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fing, that they believe teftimony by one law of their nature, and fpeak truth by another. I feek not therefore to refolve the former principle into the latter; I mention them for the fake only of observing, that whether they be allowed to be different principles, or different effects of the fame principle, our general doctrine remains equally clear, namely, That all reafoning concerning the evidence of teftimony does finally terminate in the principles of common fenfe. This is true, as far as our faith in teftimony is refolvable into experimental conviction; because we have already fhown, that all reasoning from experience is refolvable into intuitive principles, either of certain or of probable evidence: and furely it is no lefs true, as far as our faith in teftimony is itself inftinctive, and fuch as cannot be refolved into any higher principle.
Our faith in teftimony does often, but not always, amount to abfolute certainty. That there is fuch a city as Conftantinople, fuch a country as Lapland, and fuch a mountain as the peak of Teneriffe; that there were such men as Hannibal and Julius Cefar; that England was conquered by William the Norman; that Charles I. was beheaded of thefe, and fuch like truths, every perfon acquainted with history and geography accounts himfelf abfolutely certain. When a number of perfons, not acting in concert, having no intereft to difguife the truth, and fufficient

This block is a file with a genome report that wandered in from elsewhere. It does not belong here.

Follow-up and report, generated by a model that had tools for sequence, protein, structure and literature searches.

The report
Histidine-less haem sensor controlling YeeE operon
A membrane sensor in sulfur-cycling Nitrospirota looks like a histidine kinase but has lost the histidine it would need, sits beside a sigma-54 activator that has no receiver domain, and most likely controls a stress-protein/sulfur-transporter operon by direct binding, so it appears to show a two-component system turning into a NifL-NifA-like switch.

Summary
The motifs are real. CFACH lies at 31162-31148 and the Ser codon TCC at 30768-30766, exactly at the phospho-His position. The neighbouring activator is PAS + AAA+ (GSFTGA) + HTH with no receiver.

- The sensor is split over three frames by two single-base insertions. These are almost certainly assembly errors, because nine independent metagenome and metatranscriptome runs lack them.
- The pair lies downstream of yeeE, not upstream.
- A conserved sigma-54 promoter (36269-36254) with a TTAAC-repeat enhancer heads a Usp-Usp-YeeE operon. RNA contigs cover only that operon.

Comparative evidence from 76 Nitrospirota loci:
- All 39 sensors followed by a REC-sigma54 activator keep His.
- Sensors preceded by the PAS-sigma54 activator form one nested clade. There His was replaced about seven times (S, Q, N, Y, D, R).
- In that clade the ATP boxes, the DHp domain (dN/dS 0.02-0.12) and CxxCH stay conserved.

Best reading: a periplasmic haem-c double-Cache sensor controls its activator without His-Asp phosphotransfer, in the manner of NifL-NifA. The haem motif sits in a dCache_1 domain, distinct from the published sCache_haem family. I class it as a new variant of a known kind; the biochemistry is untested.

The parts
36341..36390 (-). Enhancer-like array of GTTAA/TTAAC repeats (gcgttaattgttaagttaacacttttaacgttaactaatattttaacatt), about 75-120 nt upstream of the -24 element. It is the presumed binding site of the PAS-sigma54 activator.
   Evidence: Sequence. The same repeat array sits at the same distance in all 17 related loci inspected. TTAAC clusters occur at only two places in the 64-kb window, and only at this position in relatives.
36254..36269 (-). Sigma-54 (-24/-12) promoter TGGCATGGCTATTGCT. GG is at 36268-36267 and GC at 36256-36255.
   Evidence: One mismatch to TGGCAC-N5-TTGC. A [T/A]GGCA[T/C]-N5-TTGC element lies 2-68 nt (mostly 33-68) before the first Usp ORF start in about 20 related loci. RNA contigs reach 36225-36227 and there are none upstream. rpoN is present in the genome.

judges of that to which they bear teftimony, concur in making the fame report, it would be accounted madness not to believe them. Nay, when a number of witnesses, separately examined, and having had no opportunity to concert a plan beforehand, do all agree in their declarations, we make no fcruple of yielding full faith to their testimony, even though we have no evidence of their honesty or fkill; nay, though they be notorious both for knavery and folly: because the fictions of the human mind being infinite, it is impoffible that each of thefe witneffes fhould, by mere accident, devife the very fame circumstances; if therefore their declarations concur, this is a proof, that there is no fiction in the cafe, and that they all speak from real experience and knowledge. The inference we form on these occafions is fupported by arguments drawn from our experience; and all arguments of this fort are refolvable into the principles of common fenfe. In general, it will be found true of all our reafonings concerning teftimony, that they are founded, either mediately or immediately, upon instinctive conviction or instinctive affent; fo that he who has refolved to believe nothing but what he can give a reason for, can never, confiftently with this refolution, believe any thing, either as certain or as probable, upon the testimony of other men.
THE conclufion to which we are led by the above induction, would perhaps be admitted by fome to be felf-evident, or at least to stand in no great need of illustration; to others it might have been proved a priori very few words; but to the greater part of readers, a detail of particulars may be neceffary, in order to produce that fteady and well-grounded conviction which it is my ambition to establish.